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The Coyote Caller

The Coyote Caller

The Coyote Caller

Photo Gallery: Soccer vs. Northwest, May 9, 2024
Photo Gallery: Soccer vs. Northwest, May 9, 2024
Scott Hoskins, Journalism Adviser/Photographer • Published May 13, 2024
Photo Gallery: Soccer vs. Northwest, May 9, 2024
Photo Gallery: Soccer vs. Northwest, May 9, 2024
Scott Hoskins, Journalism Adviser/Photographer • Published May 13, 2024
Photo Gallery: JROTC @Daytona Beach Drill World Championships
Photo Gallery: JROTC @Daytona Beach Drill World Championships
Gisely Argueta, Phototgrapher • Published May 8, 2024
Exam schedule posted
Exam schedule posted
Staff ReportPublished May 8, 2024
Laptop collection day set for Thursday, May 16
Laptop collection day set for Thursday, May 16
Staff ReportPublished May 6, 2024

Celebrating Marie Curie

The first woman to win a Nobel Prize
Marie+Curie%2C+First+Woman+to+Win+a+Nobel+Prize
photo courtesy of Welcome Images
Marie Curie, First Woman to Win a Nobel Prize

In celebration of Women’s History Month, The Coyote Caller is recognizing women from around the world who have made a contribution to society. Today, we recognize Marie Curie, the first woman to ever win the Nobel Prize.

Curie was born in Warsaw, Poland on November 7, 1867. Growing up, Cure lost both her sister and her mother within a span of eight years. However, even after going through many losses at a young age, she still received a general education. Falling in love with science, Curie received scientific training with her father and later moved to Paris in 1891 to study physics, chemistry, and math at the University of Paris.  

 She would later meet her husband Pierre Curie. Earning two degrees at the university, Marie and her husband had set up a laboratory where they would build their own equipment and set up their own experiments inside of their basement. Without any precautions, Marie studied radioactivity and also began to discover unusual properties of elements.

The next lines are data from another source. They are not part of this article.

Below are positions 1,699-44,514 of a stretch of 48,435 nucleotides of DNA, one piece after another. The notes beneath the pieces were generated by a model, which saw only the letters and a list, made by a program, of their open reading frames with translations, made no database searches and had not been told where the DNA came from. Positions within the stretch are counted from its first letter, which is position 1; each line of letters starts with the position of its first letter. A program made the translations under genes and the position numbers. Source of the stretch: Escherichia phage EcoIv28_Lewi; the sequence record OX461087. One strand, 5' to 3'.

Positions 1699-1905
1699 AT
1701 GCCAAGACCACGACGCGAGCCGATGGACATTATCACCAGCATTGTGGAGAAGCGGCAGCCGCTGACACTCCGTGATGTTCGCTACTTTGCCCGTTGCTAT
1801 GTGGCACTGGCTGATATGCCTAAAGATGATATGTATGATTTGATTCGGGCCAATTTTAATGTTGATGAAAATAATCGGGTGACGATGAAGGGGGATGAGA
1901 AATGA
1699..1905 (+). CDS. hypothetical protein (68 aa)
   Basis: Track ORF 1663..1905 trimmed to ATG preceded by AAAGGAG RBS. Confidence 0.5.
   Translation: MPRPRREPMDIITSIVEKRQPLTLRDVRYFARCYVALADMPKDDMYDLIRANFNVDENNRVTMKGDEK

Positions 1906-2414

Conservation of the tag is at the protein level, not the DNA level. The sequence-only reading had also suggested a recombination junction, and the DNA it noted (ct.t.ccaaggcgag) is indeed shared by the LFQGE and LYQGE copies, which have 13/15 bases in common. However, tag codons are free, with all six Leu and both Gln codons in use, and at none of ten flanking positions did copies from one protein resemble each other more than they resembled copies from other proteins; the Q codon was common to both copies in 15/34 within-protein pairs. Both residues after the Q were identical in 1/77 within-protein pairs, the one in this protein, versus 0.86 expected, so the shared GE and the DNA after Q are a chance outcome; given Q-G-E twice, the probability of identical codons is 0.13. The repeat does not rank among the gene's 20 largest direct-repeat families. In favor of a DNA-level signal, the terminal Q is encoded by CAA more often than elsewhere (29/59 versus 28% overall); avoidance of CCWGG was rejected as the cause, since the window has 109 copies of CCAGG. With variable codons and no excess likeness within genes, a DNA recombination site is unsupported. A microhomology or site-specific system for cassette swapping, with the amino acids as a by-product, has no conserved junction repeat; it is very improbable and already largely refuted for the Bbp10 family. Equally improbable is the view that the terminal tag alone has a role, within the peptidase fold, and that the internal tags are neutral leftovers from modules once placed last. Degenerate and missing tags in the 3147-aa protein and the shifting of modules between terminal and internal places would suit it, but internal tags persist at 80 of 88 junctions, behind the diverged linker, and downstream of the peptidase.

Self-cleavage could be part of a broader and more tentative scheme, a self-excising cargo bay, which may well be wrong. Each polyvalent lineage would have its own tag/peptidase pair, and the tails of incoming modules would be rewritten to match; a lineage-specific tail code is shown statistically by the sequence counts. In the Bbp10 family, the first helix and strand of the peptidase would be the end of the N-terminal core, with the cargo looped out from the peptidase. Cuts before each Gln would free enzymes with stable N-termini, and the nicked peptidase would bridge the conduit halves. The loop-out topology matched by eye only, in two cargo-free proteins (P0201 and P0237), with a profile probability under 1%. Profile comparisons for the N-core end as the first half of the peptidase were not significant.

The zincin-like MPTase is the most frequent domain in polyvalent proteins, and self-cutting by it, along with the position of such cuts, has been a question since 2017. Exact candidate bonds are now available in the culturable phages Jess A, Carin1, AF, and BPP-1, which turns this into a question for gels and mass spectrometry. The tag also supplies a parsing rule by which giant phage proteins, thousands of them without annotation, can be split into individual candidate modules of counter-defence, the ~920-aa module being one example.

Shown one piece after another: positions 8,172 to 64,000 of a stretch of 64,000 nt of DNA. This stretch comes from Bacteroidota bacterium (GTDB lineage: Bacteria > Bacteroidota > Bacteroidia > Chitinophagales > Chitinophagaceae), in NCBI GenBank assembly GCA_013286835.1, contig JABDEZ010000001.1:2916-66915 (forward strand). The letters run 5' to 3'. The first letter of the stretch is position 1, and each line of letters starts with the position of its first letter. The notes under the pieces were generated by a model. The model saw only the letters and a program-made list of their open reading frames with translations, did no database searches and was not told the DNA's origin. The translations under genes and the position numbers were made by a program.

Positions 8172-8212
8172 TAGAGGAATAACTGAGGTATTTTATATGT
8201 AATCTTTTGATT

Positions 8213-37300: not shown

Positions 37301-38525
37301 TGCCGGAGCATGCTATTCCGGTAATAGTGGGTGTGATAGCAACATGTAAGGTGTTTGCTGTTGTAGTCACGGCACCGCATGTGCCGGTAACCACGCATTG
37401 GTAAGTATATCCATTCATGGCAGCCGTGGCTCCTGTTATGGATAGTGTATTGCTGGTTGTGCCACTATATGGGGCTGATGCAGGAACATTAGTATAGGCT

Among her many discoveries, Curie had discovered entirely new elements like radium and polonium, which are used for treating cancer.  Curie also discovered radiation in pitchblende.  It took nearly 12 years before Curie could isolate the radium that was inside the pitchblende, which would have proved if her findings had truly existed.  

Pitchblende (By Geomartin – Own work, CC BY-SA 3.0, https://commons.wikimedia.org/w/index.php?curid=6612845)

After all of Curie and her husband’s discoveries and findings, they would eventually share the Nobel Prize alongside another scientist, making her the first woman to ever be awarded the Nobel Prize. Unfortunately, after many years working with radioactivity, she later died from aplastic anemia at age 66 in 1934. This is a rare but serious blood condition that occurs when your bone marrow cannot make enough new blood cells for your body to work normally.  

Curie’s scientific discoveries have had a great impact on our society by informing us about radioactivity and its importance in our society, and her works will always be valued and celebrated. 

 

 

 

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